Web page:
Samsung has developed an app called Safety Screen which forces users, especially young children, to hold their mobile devices at an ideal viewing distance from their eyes.
The free app, available on Android only, runs in the background and uses facial recognition software to determine when a smartphone or tablet is held too close the eye.
For more, read the Business Insider post.
Interesting video on Business Insider in which Dan Siegel, founding co-director of the Mindful Awareness Research Center, advocates caution in putting an electronic device in front of children to distract them. The major takeaway: don’t allow these devices to stunt important development.
The latest study, carried out by the UK Office of National Statistics, found that children ages 10-15 who spend more than three hours a day on social media were significantly more likely to experience mental health problems than those who spent less than three hours on social media (27% versus 11%).
Overall, the study found 8% of children in this age group spend three hours a day or more on social websites, while 56% spend up to three hours a day, and 37% don’t spend any time on social websites. The study also found girls were twice as likely as boys to spend over three hours a day on social media than boys (11% versus 5%).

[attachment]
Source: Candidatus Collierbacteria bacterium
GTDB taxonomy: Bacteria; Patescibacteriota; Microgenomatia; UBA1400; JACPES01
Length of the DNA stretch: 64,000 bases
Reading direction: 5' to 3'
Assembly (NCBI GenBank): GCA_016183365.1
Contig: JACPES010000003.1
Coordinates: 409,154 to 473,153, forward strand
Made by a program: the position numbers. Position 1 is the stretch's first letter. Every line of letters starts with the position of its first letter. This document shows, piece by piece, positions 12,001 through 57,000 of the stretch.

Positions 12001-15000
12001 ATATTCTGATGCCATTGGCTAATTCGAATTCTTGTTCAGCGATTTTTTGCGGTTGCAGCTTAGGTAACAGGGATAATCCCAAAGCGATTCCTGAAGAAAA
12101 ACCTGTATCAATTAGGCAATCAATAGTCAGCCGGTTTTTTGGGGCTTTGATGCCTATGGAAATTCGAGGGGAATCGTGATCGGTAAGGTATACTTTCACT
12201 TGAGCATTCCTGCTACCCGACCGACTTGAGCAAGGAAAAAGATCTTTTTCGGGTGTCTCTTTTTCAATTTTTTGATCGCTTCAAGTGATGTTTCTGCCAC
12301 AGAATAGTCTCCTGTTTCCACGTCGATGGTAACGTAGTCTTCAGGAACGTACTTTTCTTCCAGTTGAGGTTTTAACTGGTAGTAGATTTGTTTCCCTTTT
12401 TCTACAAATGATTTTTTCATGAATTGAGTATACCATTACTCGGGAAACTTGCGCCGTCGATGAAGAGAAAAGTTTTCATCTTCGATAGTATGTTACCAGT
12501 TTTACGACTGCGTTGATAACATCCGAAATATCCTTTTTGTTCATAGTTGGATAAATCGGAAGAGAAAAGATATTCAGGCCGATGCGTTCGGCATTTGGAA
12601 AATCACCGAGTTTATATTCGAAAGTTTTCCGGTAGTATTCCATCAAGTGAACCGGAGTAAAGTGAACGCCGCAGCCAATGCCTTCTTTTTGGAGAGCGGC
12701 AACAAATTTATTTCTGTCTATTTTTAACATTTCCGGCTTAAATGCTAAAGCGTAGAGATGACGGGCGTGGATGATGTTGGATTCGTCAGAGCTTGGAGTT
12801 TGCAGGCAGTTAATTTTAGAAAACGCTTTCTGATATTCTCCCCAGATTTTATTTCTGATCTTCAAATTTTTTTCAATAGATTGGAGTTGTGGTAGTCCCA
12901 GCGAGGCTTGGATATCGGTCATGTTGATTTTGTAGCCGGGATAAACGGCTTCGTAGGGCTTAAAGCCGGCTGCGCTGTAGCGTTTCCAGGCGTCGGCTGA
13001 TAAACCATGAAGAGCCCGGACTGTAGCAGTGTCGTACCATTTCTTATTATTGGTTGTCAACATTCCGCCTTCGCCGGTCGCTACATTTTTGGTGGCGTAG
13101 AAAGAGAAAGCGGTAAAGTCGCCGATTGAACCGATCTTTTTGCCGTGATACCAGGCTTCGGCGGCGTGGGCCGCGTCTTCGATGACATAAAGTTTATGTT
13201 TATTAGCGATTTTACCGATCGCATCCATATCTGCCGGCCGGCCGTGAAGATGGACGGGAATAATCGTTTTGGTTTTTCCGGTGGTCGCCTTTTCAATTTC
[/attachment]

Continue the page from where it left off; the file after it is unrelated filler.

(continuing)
From the NY Times article:
“Excessive use of computer games among young people in China appears to be taking an alarming turn and may have particular relevance for American parents whose children spend many hours a day focused on electronic screens. The documentary “Web Junkie,” to be shown next Monday on PBS, highlights the tragic effects on teenagers who become hooked on video games, playing for dozens of hours at a time often without breaks to eat, sleep or even use the bathroom. Many come to view the real world as fake.”
Nickelodeon empowered kids to get up and get active this weekend when its websites and apps went off-air and offline, as part of its 11th annual Worldwide Day of Play and its ongoing commitment to promoting health and wellness to the network’s young audience.
From the PRNewser post:
“Used to be that kids would play in the dirt and come home with ringworm. Now kids are spending a whole lot of time playing on the couch or on the porch and still end up with suspicious skin rashes. What gives? Nickel. Pediatrics is reporting that there’s an increased number of kids reporting cases of allergic contact dermatitis, a skin irritation that can happen when they come in contact with nickel…”